Tag: Public Health

Research Spotlight: Dr. Noel Brewer

Last week, Upstream Writers were joined by Noel Brewer, PhD, professor of Health Behavior in the UNC Gillings School of Global Public Health and affiliated scholar with UNC’s Interdisciplinary Health Communication program. Dr. Brewer gave an interesting and informative talk about his recent tobacco research involving the effect of cigarette pack messages. His findings showed that pictorial cigarette pack warnings increased smoking quit attempts and 7-day quitting. Additionally, the pictorial warnings were found to work better than text warnings, as they led to more attention, negative affect, social interactions and thinking about the warnings. Finally, because the study’s findings did not fit existing models of health behavior, Dr. Brewer developed the new Tobacco Warnings Model.

Dr. Brewer received his PhD in psychology from Rutgers University and joined the faculty in the Department of Health Behavior at the University of North Carolina at Chapel Hill in 2004. He studies how people make risky health decisions, and he currently directs the UNC Health Cognition & Behavior Lab where he conducts his research. Furthermore, in addition to Dr. Brewer’s tobacco research involving smoking risk communication, his work also focuses on HPV vaccine communication and increasing HPV vaccine uptake, and he currently serves as Chair of the National HPV Vaccination Roundtable. More information about his research can be found here.

In the spirit of Public Health Thank You Day, thank you, Dr. Brewer, for the work that you do to promote and protect public health! 

The Newest Style of Sex Education

About a week ago, our class had the pleasure of listening to Alexandra Lightfoot, EdD discuss her involvement in one of the more revolutionary forms of public health circulating the block. As a professional, she has focused on the intersection between the arts and public health and how the two can be combined to create more effective health messages.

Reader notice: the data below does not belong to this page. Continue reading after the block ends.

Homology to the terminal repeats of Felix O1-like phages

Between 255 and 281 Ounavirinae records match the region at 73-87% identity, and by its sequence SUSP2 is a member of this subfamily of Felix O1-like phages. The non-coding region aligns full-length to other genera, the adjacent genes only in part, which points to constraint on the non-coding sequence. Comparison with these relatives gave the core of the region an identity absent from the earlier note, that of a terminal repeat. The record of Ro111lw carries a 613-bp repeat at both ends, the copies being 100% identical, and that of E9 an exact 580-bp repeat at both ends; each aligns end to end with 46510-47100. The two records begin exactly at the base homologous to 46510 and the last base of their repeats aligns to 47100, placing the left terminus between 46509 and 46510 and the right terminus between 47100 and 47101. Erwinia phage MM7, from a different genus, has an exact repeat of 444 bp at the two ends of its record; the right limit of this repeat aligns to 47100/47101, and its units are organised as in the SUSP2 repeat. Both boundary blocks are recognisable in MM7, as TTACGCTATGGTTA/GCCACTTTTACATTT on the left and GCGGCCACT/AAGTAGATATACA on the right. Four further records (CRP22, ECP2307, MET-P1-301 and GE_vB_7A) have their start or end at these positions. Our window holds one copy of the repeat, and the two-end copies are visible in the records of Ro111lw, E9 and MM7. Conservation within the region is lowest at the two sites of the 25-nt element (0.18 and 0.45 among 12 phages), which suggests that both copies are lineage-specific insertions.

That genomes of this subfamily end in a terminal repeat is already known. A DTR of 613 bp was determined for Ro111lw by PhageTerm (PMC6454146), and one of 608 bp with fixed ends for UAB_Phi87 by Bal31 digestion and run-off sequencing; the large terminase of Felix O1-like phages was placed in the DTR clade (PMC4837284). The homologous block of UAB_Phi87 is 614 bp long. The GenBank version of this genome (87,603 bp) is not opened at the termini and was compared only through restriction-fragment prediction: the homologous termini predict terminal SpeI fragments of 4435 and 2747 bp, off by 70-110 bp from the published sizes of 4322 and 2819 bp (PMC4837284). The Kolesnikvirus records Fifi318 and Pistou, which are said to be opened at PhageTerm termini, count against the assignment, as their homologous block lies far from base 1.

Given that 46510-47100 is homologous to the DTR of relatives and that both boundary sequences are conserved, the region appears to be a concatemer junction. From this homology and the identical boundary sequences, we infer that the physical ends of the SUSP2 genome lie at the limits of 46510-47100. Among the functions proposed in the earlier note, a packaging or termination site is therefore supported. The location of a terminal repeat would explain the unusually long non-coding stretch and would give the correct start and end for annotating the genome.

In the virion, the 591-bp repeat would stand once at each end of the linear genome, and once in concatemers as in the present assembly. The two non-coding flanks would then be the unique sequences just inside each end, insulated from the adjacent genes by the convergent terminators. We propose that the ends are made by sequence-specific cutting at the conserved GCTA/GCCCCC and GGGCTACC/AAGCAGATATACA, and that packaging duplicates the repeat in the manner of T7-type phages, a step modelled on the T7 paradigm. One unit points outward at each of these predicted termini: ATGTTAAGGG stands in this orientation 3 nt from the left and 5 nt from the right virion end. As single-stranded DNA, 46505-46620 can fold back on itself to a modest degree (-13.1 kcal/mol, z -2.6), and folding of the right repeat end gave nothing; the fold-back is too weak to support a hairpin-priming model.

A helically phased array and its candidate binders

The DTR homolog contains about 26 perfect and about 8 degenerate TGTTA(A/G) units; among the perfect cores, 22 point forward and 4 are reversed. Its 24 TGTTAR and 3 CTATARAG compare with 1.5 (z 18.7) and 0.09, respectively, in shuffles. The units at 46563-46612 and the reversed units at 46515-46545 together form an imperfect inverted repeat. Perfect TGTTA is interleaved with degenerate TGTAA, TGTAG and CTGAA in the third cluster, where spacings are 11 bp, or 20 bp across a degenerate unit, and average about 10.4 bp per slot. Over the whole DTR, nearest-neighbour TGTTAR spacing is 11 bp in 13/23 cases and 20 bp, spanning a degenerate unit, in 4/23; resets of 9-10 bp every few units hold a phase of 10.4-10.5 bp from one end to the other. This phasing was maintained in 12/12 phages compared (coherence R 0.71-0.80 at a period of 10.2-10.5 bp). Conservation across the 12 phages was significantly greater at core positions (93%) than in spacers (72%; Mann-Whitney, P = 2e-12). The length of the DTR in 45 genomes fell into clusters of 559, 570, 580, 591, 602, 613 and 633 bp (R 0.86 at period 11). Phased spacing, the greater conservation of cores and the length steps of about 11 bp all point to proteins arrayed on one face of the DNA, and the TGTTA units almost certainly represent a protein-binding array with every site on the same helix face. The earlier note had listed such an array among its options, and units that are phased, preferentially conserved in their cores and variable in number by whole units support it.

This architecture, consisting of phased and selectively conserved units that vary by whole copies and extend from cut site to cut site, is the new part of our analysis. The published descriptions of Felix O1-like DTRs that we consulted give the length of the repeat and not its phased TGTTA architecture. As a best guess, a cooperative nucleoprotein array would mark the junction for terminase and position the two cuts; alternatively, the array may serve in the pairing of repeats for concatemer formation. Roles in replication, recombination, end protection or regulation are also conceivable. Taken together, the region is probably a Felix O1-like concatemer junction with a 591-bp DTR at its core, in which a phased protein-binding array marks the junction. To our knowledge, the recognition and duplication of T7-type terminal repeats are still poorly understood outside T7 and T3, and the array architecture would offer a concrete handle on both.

The topic of her discussion was the Arts-based, Multiple-component Peer Education (AMP!) Program that first came to UNC from UCLA a few years ago. AMP! utilizes interactive theatre techniques with college students who create scenarios to deliver sex-ed to 9th grade students in a novel way, especially down here in the South.

The critical component of this program is its use of satire, humor and storytelling to disseminate knowledge and start discussions about sexual and reproductive health with high school students and their health teachers. Research has shown that this traditionally complicated conversation is facilitated by this arts-based approach and the AMP! intervention has significantly increased student knowledge about how to prevent HIV and maintain sexual health.

Given that the live performance model of AMP! is delivered by college student “near peers” in locations close to their universities, it has been difficult to scale the program here in North Carolina. However, it has scaled well in the Los Angeles Unified School District, so hopefully that will provide a blueprint for sharing this creative and fun program to more youth in North Carolina. Lightfoot and her partners at the UCLA Art and Global Health Center are currently developing a compendium of video scenarios made by NC-based college students and a manual for teachers so that the intervention can be implemented more widely via digital delivery in classrooms across the state. The team is currently applying for funding to further refine the digital model and pilot and evaluate the implementation process and impact on student outcomes.